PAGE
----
After spending the past few days in sun-soaked beachside paradise, I have returned to the brutal realities of 15-degree weather. Yes — hopefully for the last time in a long, long time (but probably not, since I see yet another little snowflake in next week’s forecast) — i am yet again complaining about the weather. I’m boring, I know. I’ve accepted it.
During this week’s search for comfort food, I turned to the Irish. No stranger to long, bitterly cold winters, the Irish have a plethora of hearty fare to warm you right up: lamb stews, shepherd’s pie, colcannon and corned beef. While I had originally planned to make a lentil-based vegan shepherd’s pie (inspired by one I had at Nice Matin during Restaurant Week a few weeks ago), Fresh Direct had a sale on corned beef and I was extremely intrigued.
So, 3.5 pounds of meat later, I’ve learned a few things. A) Generally not a good idea to order 12-14 servings of meat when you’re cooking for one. (In other news, does anyone have any recipes for corned beef beyond hash and sandwiches? Anyone? Bueller?)
B) As it turns out, corned beef and cabbage isn’t traditionally Irish. The traditional dish is bacon and cabbage, using thick slices of back bacon (aka Irish or Canadian bacon). Corned beef is a New England thing, and became popular among Irish-Americans in the mid-19th century.
C) Corned beef is produced by brining a cut of beef, usually brisket, for 7-10 days. Common brine ingredients include mustard seeds, peppercorns, allspice berries, cloves, bay leaves and, of course, salt (“corns” are large grains of salt, hence the name). After the meat is cured, it is again braised, with cabbage, potatoes and other root vegetables.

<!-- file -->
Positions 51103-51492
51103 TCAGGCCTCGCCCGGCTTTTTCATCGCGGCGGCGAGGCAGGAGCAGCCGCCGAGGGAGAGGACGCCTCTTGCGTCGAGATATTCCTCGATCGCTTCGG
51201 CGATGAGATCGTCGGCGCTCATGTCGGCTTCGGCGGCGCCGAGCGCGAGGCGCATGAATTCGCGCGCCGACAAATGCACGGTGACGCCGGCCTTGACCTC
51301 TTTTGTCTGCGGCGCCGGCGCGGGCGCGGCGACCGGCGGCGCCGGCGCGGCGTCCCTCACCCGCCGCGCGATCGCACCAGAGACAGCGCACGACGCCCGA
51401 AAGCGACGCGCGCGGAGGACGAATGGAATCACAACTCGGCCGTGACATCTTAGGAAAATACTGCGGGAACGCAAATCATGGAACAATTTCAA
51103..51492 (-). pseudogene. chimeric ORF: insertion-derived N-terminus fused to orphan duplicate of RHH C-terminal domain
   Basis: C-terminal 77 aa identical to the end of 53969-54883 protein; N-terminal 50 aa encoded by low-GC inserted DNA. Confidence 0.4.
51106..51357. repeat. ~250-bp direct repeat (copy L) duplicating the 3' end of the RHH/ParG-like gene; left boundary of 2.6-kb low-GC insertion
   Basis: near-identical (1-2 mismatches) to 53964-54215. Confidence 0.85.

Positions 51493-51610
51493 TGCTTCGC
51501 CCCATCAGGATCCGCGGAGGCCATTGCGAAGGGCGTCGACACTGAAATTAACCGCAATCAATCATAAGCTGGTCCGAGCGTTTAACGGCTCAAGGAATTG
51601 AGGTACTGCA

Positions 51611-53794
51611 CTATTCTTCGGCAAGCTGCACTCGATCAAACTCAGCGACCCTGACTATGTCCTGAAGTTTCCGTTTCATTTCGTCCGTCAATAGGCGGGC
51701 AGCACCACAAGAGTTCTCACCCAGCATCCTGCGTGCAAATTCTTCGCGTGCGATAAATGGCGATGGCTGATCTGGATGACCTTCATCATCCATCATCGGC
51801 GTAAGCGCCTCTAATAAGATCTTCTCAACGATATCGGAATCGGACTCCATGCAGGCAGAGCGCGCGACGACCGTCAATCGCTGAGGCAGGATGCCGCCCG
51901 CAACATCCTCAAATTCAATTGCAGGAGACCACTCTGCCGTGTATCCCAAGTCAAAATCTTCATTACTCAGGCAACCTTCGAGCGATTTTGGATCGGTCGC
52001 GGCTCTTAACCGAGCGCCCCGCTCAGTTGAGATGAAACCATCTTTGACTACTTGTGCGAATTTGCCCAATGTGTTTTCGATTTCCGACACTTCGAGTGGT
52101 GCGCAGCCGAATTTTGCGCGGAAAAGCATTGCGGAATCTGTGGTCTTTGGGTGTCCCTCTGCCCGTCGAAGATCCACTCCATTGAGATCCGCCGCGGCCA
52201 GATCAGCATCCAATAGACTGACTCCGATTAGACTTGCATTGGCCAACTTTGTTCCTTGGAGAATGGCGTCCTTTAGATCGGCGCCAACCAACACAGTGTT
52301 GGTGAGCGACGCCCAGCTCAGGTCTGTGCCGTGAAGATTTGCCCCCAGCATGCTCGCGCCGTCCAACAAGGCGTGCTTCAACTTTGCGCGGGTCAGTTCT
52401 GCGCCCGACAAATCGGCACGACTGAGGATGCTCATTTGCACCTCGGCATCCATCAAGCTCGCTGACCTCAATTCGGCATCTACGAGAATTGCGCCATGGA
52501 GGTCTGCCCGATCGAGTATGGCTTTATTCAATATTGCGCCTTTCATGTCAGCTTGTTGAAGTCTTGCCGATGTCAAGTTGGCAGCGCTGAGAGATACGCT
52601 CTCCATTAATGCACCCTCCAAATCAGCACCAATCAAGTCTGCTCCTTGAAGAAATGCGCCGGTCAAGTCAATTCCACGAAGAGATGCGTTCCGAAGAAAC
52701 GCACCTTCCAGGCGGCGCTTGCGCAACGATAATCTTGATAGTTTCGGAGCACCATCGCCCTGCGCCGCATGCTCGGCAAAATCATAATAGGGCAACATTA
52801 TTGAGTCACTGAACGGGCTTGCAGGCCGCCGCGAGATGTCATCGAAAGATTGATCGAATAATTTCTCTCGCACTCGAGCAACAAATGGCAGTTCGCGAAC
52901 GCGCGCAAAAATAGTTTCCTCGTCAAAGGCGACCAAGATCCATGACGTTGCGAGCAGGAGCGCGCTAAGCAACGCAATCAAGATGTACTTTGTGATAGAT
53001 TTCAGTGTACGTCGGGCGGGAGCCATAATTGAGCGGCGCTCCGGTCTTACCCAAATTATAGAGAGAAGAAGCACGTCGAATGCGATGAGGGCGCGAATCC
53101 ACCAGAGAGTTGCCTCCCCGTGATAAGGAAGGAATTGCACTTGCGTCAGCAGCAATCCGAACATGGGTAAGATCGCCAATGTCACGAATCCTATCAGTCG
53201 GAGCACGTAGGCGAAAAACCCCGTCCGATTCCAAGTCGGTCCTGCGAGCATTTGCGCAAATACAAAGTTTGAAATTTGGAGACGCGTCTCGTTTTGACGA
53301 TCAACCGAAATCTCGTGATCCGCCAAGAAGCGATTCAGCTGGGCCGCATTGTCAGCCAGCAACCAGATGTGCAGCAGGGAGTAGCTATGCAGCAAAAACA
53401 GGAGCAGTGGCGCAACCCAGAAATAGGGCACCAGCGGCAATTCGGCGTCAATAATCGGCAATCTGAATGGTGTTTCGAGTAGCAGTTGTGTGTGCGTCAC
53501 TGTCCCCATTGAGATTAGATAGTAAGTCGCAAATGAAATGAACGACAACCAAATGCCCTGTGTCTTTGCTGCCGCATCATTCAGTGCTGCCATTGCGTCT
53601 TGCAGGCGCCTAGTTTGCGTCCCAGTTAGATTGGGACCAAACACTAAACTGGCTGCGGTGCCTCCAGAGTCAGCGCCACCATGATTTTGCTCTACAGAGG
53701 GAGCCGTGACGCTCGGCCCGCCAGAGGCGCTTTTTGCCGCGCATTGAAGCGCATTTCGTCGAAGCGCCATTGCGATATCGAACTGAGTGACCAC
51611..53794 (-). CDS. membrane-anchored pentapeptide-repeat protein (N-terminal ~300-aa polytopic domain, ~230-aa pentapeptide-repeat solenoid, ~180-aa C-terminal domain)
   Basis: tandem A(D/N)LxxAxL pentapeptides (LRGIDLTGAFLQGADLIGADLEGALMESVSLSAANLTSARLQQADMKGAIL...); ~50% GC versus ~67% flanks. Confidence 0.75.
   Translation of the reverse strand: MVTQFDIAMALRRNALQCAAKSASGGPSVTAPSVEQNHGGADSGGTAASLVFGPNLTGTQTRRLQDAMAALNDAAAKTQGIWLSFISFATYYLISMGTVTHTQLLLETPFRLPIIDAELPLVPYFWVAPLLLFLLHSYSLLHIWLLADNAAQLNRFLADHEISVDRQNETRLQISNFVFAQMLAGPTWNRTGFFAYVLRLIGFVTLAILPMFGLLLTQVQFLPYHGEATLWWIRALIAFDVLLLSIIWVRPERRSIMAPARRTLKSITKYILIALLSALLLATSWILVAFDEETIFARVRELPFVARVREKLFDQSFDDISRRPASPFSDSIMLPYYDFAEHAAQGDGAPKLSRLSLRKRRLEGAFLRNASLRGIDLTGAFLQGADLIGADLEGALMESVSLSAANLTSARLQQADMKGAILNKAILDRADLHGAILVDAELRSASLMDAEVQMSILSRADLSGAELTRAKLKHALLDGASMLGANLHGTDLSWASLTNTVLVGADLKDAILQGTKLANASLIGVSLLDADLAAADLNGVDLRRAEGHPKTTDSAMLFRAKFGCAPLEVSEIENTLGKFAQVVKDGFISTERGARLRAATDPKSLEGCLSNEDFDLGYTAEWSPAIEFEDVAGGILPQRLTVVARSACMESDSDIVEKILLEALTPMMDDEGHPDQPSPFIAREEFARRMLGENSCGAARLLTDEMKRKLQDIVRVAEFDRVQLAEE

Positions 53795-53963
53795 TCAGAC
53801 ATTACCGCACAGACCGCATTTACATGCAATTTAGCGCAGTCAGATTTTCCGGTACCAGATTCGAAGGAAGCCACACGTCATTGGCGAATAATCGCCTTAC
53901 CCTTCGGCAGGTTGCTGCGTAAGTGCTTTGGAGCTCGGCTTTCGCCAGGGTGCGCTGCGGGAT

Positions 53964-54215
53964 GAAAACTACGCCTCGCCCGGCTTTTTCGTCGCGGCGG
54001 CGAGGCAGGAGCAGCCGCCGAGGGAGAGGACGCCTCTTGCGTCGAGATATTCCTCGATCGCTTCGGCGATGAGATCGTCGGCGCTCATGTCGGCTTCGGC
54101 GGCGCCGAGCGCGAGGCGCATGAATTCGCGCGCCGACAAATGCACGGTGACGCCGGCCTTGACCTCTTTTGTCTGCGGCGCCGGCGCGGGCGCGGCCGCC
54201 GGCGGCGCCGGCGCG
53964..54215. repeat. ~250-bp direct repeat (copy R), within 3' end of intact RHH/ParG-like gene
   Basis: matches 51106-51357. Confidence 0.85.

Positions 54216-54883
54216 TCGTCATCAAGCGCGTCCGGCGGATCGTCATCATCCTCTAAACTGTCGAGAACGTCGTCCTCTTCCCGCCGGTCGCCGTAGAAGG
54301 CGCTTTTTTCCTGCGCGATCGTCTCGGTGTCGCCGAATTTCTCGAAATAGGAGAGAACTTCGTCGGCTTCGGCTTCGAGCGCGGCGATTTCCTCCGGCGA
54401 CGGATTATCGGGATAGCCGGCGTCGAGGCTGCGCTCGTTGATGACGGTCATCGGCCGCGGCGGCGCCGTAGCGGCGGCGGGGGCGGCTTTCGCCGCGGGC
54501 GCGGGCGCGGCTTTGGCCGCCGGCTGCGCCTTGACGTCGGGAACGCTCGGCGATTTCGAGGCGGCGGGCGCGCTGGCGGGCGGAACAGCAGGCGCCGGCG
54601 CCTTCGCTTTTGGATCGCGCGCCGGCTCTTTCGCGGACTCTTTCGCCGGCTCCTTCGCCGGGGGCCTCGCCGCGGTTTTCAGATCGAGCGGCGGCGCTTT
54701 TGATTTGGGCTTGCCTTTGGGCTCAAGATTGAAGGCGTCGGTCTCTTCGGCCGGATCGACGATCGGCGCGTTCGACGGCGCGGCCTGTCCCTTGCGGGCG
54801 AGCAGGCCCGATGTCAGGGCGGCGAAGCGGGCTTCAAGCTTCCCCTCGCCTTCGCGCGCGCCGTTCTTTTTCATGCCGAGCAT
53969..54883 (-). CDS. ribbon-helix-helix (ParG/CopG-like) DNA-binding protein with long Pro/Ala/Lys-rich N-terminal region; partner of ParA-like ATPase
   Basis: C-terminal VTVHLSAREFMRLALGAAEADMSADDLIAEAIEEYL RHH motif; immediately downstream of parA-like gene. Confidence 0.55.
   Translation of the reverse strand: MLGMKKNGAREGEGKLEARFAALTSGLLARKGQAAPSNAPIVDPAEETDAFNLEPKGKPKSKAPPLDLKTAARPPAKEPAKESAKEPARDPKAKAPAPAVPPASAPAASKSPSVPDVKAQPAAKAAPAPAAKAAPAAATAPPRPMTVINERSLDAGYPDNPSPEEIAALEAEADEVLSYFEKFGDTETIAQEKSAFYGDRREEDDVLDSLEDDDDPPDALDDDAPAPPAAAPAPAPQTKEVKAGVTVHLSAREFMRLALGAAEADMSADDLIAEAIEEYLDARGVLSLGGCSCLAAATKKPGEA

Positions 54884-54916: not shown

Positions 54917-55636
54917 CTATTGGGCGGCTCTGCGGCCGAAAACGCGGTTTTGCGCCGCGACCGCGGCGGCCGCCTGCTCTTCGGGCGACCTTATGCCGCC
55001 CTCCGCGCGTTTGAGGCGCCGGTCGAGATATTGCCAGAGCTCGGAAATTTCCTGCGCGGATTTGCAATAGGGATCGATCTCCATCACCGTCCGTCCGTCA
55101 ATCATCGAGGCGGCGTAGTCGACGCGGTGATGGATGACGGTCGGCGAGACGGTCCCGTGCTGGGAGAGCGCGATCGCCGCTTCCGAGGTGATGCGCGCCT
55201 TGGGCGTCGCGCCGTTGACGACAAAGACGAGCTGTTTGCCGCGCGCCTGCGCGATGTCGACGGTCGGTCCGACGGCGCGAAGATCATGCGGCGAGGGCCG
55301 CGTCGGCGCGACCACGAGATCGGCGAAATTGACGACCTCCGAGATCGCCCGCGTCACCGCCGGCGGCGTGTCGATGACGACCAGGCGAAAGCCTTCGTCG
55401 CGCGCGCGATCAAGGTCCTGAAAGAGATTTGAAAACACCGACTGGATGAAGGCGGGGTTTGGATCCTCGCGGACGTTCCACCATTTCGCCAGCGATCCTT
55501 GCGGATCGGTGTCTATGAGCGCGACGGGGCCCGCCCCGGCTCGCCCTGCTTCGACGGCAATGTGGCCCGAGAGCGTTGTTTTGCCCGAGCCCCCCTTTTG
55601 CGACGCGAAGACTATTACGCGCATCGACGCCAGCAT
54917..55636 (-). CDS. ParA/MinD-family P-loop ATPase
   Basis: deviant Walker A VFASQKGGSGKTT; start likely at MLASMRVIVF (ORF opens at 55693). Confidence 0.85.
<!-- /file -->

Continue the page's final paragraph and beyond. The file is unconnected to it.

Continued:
Since boiled meat sounds blecch, I decided to braise the corned beef in cider. Last month, the lovely Alex of Chez Sasha invited me to a dinner hosted by Plated and Stella Artois, to launch their new hard cider, Cidre (so Belgian). Alex wrote about the event in more detail on her blog, but the moral of the story is that we got to bring home bottles of Cidre. Since most of my home drinking is exclusively reserved for red wine, I thought the cider would be nice with the corned beef — a slightly tart sweetness to balance the salty meatiness of the beef.
When Googling around for recipes, I also stumbled across Suzanne Goin’s genius idea of roasting the corned beef once it’s braised. A few minutes in the oven caramelizes the fat and crisps up the meat, creating a delicious crust that adds some texture to the otherwise soft-as-a-pile-of-feathers beef. (In case you don’t remember, braising is my absolute favorite way to transform tough cuts of meat into impossibly flavorful bites of heaven.)
What really makes this corned beef and cabbage sing is the addition of mustard. Goin’s recipe calls for a mustard-parsley sauce, but even my lazy squirts of spicy brown were perfect: a sharp edge to cut through the rich, salty meat.
Which brings me to my last lesson: D) If you’re not a cabbage person (these two dishes aside) and you don’t like salty things and you hate lunchmeat, maybe not a good idea to make a huge batch of corned beef and cabbage on a whim … St. Patrick’s Day party at my house, everyone? Continue reading